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A tall square of lasagna in a bowl with a rich meat and tomato sauce and a shower of Parmesan cheese.
L’Ardente’s 40-layer lasagana with short rib sugo is a signature dish.
Rey Lopez/For L’Ardente

The 15 Hottest New Restaurants Around D.C., October 2021

Where to try 40-layer lasagna, hummus with crab falafel, and heirloom corn veggie tostadas

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L’Ardente’s 40-layer lasagana with short rib sugo is a signature dish.
| Rey Lopez/For L’Ardente

Eater writers and editors always get the same question. Friends, family, acquaintances, and randos all want to know, “Where should I eat right now?” That’s where the Eater Heatmap enters the conversation, pointing diners toward the most intriguing or otherwise buzzworthy new restaurants in the D.C. area. This list considers restaurants that have been open for six months or less, dating back to April 2021. For our map of the D.C. area’s 38 essential restaurants, go here.

New to the map this month: Cracked Eggery, for far-out egg sandwiches in Cleveland Park; Ilili, a Lebanese restaurant designed to the nines at the Wharf; L’Ardente, accomplished D.C. chef David Deshaies’s vision of “glam Italian” on Massachusetts Avenue NW; Maiz64, a rare Mexican fine dining venue on 14th Street NW; and Immigrant Food + in the Planet Word museum, the latest fusion-heavy project from chef Enrique Limardo.

Leaving the list: La Bise, La Collina, Mae’s Market and Cafe, Mattie and Eddie’s, and the Point

Health experts consider dining out to be a high-risk activity for the unvaccinated; the latest data about the delta variant indicates that it may pose a low-to-moderate risk for the vaccinated, especially in areas with substantial transmission. The latest CDC guidance is here; find a COVID-19 vaccination site here.

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Note: Restaurants on this map are listed geographically.

1. The Angry Jerk

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8223 Georgia Ave
Silver Spring, MD 20910
(301) 328-0788
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This Caribbean carryout in Silver Spring sells tacos and bowls that show off charcoal roasted jerk chicken, jerk shrimp, and shredded oxtails. Owner Jason Miskiri enlists his Guyanese mother to make roti for curry chicken, and snapper is available jerked or fried. Sauces come in flavors like jerk mumbo, pepper, and “hot angry.”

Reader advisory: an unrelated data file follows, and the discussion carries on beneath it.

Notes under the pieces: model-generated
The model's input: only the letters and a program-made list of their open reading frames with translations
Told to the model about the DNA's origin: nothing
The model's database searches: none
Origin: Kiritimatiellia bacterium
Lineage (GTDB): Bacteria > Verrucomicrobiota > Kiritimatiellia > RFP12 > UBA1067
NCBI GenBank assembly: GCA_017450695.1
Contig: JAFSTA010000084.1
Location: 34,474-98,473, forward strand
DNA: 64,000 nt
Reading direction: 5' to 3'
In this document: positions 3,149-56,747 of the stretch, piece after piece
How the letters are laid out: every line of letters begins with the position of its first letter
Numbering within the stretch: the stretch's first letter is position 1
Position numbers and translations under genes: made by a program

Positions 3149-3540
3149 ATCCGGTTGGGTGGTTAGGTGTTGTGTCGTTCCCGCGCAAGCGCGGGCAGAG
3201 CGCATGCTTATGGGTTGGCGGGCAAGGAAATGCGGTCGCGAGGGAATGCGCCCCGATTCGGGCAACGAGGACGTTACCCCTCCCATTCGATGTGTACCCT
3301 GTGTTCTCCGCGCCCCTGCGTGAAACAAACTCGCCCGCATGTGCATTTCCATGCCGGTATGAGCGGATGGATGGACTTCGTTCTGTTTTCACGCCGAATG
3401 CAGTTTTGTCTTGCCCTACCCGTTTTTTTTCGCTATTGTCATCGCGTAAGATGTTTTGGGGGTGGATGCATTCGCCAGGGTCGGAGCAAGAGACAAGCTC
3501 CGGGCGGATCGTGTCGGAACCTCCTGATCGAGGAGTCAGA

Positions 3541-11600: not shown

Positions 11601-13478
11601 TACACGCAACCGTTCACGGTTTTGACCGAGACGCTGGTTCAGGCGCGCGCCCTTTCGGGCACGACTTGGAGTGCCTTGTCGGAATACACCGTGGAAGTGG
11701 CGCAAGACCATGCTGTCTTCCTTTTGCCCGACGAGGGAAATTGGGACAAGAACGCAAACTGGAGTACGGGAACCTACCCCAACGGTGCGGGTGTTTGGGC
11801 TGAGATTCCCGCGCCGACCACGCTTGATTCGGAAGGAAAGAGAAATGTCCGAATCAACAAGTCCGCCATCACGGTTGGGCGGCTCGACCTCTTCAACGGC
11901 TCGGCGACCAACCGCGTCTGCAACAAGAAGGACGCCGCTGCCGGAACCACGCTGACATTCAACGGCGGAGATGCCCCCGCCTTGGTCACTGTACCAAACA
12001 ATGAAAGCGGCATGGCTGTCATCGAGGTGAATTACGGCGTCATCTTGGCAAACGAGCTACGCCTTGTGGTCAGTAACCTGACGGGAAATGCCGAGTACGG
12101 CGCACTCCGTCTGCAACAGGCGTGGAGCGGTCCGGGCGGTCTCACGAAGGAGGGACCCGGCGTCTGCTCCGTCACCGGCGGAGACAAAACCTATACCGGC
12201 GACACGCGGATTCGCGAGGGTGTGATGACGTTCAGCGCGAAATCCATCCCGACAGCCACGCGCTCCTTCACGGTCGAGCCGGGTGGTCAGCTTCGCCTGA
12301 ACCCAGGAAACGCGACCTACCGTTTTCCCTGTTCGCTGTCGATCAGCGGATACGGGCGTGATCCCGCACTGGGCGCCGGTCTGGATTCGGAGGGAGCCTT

2. Spanish Diner

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7271 Woodmont Ave
Bethesda, MD 20814
(301) 913-9137
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An outpost of the home-style Spanish restaurant that José Andrés’s ThinkFoodGroup introduced inside its New York food hall replaced the Jaleo on Bethesda Row in May. Huevos rotos — runny fried eggs served over fried potatoes and jamón, blood sausage, or skinny chistorra sausage — can please a crowd. Customers who seek a deeper understanding of the foods that make Andrés nostalgic will want to try fabada Asturiana, a meaty white bean stew, or arroz a la Cubana, a plate of rice, lacy fried eggs, and ibérico pork sausage served with sweet tomato sauce. Start meals off with three types of sangria, kalimotxo, or a gin and tonic. Finish them with with a “burnt” Basque cheesecake.

Glass-topped foosball tables at Spanish Diner are a holdover
Glass-topped foosball tables at Spanish Diner are a holdover from Jaleo
Rey Lopez/Eater D.C.

3. Cracked Eggery

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3420 Connecticut Ave NW
Washington, DC 20008
(202) 351-6168
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Cracked Eggery returns to Cleveland Park victorious, having successfully made the leap from a farmer’s market stall in the same neighborhood to a food truck to a counter-service shop with a neon sign on the ceiling that reads “#BigEggEnergy.” The driver for all that growth is a long list of egg sandwiches full of indulgent flourishes like pastrami, pork belly, half-smokes, and pimento cheese. Bowls built on tots or roasted squash cater to the bun-averse at this all-day operation (7 a.m. to 8 p.m. Monday through Friday with a 3 p.m. closing on Saturday and Sunday). A 24-7 offshoot is under construction in Shaw, too.